Saturday, June 16, 2012

Botswana's Tuli Block

We spent a long weekend with Chuck and Mary McGee, PCVs from Bots 9 (about to leave after two years of service) who lived and worked in Selibe Phikwe, not far (relatively) from the Tuli Block Game Reserve.  First, we had to get there from Goodhope.  That meant walking the three kilometers from school into town, catching a combi to Lobatse, catching another bus to Gaborone, where we met up with Mary, for the long trip to Selibe Phikwe. Some of you know this serendipity: Mary's mother was a friend of John's mother years ago, both members of the Tacoma Garden Club! It took us going to Botswana to meet Mary and Charles --- awesome and so fun folks.

Here we are on a few moment stop en route at the Tropic of Capricorn.

Anyone who drives from Portland to Salem, past the marker that is half-way between the equator and the North Pole, knows how exciting these places are.  Still, we may never have another chance to pass this spot again.

We spent the night at the McGees' house, and left for Tuli in the morning. It was another three-hour drive over some very rough roads, to the Limpopo Valley Airfield. Again, not exactly one of the wonders of the world, but our children and grandchildren have heard --- endlessly --- about how the elephant got its....

...trunk, up by the "banks of the Great Grey-Green Greasy Limpopo River, all set about with fever trees."  (Apologies to Rudyard Kipling) 

We didn't see any fever trees, or any river, or any water between Selibe Phikwe and our tent at Mashatu, yet it was a spectacular drive through some remote, very rugged countryside.  Just before Mashatu, we crossed a dry river bed where we saw maribou birds, which, speaking of children's stories, are the ones who helped Celeste and Arthur find Babar, the Elephant.  Remember?

You'll have to click on the photo to see them very well.....

After we freshened up and had tea at Mashatu, we went for an afternoon wildlife drive. 

Our guides were seasoned and intrepid to the max. Giraffe, lions, a leopard and a cheetah were within view and sometimes a little too close for comfort.  We were told by our guides (Chuck and Mary, who have been to Tuli quite a few times, confirmed this) it is uncommon to see all three big cats in one drive. There is something truly awesome about seeing them in their own environment.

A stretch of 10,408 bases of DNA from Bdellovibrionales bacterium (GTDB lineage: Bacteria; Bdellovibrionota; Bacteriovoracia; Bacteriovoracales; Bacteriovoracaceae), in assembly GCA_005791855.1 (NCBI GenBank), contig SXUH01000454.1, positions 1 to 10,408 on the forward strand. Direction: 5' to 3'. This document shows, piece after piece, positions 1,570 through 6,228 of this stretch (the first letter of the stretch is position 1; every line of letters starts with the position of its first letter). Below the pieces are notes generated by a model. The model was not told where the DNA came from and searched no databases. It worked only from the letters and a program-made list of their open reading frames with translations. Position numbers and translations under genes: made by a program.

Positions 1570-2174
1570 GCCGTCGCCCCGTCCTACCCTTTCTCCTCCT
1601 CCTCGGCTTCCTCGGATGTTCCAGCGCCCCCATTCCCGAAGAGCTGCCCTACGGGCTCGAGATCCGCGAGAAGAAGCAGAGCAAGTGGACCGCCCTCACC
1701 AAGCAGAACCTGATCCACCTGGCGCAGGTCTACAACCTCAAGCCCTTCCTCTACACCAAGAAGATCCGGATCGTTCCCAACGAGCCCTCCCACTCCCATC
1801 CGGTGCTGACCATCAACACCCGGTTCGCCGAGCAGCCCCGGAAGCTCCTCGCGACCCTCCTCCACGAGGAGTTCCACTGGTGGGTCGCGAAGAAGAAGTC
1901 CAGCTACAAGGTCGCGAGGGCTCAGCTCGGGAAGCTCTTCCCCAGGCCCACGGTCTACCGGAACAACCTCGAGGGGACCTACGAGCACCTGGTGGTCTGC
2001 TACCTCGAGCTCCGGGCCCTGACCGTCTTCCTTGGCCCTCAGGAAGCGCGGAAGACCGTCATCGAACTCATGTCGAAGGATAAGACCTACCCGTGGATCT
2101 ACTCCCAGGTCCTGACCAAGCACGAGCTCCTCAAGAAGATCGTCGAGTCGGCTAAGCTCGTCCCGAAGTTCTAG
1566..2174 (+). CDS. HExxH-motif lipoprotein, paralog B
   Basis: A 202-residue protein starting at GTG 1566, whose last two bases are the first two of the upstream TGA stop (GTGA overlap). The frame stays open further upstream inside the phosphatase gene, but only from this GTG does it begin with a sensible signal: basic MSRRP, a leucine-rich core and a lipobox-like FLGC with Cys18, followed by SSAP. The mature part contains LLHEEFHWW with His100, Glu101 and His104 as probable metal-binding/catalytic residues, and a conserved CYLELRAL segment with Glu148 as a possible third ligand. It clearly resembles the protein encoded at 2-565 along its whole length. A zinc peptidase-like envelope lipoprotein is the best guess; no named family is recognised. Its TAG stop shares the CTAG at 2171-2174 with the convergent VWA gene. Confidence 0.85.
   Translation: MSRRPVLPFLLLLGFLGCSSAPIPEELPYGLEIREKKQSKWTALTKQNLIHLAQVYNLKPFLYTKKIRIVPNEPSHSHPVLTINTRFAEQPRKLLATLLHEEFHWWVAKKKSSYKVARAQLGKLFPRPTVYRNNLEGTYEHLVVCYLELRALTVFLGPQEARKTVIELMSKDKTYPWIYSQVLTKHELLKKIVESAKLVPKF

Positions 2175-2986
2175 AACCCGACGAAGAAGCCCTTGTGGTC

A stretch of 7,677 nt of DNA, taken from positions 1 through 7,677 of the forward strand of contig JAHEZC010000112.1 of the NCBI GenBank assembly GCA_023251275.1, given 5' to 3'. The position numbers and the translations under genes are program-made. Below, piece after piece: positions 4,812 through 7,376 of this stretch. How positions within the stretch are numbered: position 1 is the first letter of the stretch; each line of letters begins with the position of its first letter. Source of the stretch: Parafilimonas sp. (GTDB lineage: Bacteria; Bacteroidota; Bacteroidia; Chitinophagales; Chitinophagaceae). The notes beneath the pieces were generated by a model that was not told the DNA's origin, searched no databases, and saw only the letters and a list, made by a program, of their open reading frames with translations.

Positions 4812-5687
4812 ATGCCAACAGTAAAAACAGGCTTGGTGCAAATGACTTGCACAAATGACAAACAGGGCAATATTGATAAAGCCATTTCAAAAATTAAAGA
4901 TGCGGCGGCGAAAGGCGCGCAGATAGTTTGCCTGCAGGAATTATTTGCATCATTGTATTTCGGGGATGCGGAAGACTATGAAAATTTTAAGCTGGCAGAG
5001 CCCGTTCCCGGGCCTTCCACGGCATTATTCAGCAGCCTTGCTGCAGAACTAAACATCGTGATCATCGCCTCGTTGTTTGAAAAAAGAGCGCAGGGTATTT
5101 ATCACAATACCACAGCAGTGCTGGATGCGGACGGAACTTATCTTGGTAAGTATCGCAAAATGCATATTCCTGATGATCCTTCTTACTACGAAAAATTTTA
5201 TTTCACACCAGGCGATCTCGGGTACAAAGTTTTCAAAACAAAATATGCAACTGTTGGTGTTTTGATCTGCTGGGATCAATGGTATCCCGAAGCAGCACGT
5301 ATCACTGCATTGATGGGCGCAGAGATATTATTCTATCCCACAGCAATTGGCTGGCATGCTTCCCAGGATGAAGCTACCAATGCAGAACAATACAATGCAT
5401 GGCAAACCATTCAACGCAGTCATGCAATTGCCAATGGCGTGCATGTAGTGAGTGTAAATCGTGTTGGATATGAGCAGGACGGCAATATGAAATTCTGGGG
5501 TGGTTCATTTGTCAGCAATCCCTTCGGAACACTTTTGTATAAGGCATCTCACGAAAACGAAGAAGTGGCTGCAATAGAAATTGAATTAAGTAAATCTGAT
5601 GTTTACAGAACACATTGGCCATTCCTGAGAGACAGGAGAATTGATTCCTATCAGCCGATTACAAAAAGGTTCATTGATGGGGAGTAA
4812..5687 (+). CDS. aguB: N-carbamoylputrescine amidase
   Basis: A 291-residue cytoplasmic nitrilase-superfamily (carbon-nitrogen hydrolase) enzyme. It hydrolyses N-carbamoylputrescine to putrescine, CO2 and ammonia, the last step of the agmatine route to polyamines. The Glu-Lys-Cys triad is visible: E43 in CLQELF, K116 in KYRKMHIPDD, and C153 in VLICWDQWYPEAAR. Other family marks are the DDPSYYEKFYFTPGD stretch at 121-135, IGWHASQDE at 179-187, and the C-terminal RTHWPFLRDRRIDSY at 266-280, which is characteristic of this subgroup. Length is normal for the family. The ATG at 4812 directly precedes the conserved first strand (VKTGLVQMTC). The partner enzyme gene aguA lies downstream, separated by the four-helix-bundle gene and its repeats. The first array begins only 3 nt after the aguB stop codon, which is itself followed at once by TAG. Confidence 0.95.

This guy was only a few feet from where our jeep stopped.  There was another lion, a female, thirty feet away, sound asleep (better for us that way)!

It was twilight when we saw the leopard.  At least we think this is the leopard.  Cheetahs look a little bit like leopards to the untrained eye.  This one has a skinny tail.  Look at the tail on this one:

We watched the sunset from a ridge not far from this spot.  It was a cloudless evening, took a long time for the sun to set --- the sky is ablaze with oranges and reds.

Next morning's drive, the main thing was to see elephants --- and we did, after quite a bit of searching.  Lots of them, adults and young.

One group of about ten mothers and babies walked across this riverbed up to the other bank, stopping as they went up to face us and all flapped their ears at us.  Elephants, we learned, are in danger in much of Africa, partly because of national borders, that stop the animals from traveling their historic migration routes.  Were happy to make friends with Owen Chase, a wonderful man from Gaborone whose brother founded an ngo,  Elephants Without Borders, to address this issue.  Click on the link for an awesome website.

We had another (very different) adventure in Selibe Phike --- playing golf.  At least John and Chuck played a few holes, with Carol and Mary looking and laughing on. The course is famous (no kidding) as one of the world's worst.  However, the setting is beautiful and John managed to hit some pretty good shots, making him wonder if that bike accident and separated AC shoulder joint cured his slice.

As you can see, the fairways are not well-watered, but then if they were, given the amount of water in Botswana, there would be something, well, wrong.  Golf, like so many other things, can, and should, adapt to its surroundings.  So when it would be nearly impossible to maintain a traditional green, why not make the "green" out of oil-treated sand, and provide a tool for smoothing the path from the ball to the cup? And call it a "brown"!  Takes some of the fear out of putting.

You can see what fun it is to play this course, especially when you have a band of followers as beautiful as we had that day.  Mary and Carol of course were laughing with us and not at us, or were they?

Finally, made it down to the "banks of the Great Grey Green Greasy Limpopo River." Still didn't see any fever trees, perhaps because the guards at the border crossing warned us not to get too close to the river.  Crocodiles! 

The end of a wonderful visit came too soon and we made our long way back to Goodhope with lasting memories and much happiness. As you will read in our next entry, little did we know how much we would need these memories and happiness to fortify us for what was coming next in our adventure in the Peace Corps...

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